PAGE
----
To the present, most HRQoL studies in MG have been developed in the context of MM clinical trials. Therefore, little is known about HRQoL in MM real-life patients outside clinical trials or in the setting of other MG. The aim of this study is to report on the baseline value of the QLQ-C30 in a series of MG real-life patients, including the full range of MG, allowing for comparison between groups.

Patients and Methods

All unselected consecutive patients diagnosed with MG in our Monoclonal Gammopathies Unit and included in the Granada population-based registry from January 2013 to October 2015 were the basis of the study. Patients were diagnosed according with the International Myeloma Working Group (IMWG) criteria [4,5]. A copy of the QLQ-C30 was given to each patient, at the moment of diagnosis, usually after a bone marrow aspiration or biopsy was performed. The questionnaire was self-administrated at home and the results were presented at the next visit. A complementary database was created to record prospectively these results. Common baseline prognostic factors and comorbidities were recorded as previously reported [6]. This preliminary study focus on the global health status/ quality of life scale, ranging from 0 (the worst) to 7 (the best) (items Q29 and Q30 of the questionnaire, respectively).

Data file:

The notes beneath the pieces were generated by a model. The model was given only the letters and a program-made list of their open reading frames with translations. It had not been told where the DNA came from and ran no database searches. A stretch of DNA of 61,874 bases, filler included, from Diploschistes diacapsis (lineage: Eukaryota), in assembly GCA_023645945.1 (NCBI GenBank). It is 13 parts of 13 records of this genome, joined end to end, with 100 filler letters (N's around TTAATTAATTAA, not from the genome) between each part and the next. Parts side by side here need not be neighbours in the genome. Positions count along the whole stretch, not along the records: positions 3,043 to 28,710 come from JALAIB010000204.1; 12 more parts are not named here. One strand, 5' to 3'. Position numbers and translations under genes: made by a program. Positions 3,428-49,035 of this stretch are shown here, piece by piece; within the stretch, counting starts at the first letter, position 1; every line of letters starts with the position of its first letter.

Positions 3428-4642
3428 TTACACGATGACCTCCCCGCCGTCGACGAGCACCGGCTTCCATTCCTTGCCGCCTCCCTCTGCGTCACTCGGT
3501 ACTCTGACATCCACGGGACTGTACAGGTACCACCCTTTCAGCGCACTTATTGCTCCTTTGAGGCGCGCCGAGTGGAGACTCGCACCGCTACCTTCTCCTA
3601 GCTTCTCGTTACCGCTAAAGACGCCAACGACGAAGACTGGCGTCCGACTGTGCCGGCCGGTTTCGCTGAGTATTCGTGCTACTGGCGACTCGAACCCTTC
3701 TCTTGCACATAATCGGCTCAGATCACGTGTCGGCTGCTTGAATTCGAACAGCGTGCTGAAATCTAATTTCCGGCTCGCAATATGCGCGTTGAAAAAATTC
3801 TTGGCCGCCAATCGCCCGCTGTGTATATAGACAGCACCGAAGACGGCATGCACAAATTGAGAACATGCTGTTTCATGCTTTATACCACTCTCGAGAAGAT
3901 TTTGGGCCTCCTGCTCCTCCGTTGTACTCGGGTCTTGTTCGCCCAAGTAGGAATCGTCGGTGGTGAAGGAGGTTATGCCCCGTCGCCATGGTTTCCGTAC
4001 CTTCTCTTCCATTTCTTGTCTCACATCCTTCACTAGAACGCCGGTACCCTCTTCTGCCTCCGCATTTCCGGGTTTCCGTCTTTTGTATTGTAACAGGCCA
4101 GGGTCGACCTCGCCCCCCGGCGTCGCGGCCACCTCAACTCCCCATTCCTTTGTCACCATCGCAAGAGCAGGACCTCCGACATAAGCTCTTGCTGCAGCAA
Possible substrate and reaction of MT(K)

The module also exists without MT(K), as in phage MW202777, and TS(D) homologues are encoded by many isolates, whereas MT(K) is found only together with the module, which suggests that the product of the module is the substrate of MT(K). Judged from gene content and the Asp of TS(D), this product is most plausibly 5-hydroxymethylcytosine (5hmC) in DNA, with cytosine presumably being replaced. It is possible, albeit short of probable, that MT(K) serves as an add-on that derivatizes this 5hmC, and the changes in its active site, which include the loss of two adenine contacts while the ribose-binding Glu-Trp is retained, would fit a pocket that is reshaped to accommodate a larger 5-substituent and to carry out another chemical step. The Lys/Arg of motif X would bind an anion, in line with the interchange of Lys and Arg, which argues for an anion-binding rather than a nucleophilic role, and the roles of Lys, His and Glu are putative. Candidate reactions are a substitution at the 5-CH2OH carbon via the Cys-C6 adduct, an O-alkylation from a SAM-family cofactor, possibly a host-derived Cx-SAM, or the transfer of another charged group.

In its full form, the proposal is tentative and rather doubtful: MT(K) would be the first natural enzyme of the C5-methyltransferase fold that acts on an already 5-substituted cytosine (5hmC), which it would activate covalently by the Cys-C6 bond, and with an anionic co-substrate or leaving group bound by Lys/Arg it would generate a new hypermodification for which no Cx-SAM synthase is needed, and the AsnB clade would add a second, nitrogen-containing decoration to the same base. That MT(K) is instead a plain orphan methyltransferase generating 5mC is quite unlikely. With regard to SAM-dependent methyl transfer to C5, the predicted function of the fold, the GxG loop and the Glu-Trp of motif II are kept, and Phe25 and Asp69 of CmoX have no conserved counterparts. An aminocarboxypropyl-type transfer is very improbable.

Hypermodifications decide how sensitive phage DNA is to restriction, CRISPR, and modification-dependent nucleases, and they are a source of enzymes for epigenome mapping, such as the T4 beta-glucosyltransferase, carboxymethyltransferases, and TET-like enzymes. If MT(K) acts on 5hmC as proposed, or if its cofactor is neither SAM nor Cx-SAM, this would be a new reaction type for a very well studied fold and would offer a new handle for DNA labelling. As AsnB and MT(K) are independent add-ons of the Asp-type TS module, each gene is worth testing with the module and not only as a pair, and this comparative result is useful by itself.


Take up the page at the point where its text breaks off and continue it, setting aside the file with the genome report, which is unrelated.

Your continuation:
Comparisons for categorical variables among different groups were made with the χ2-test, whereas comparisons of means of quantitative continuous variables between two groups were made with the t-test. All p-values were two-sided. Data were analyzed with SPSS v20 software.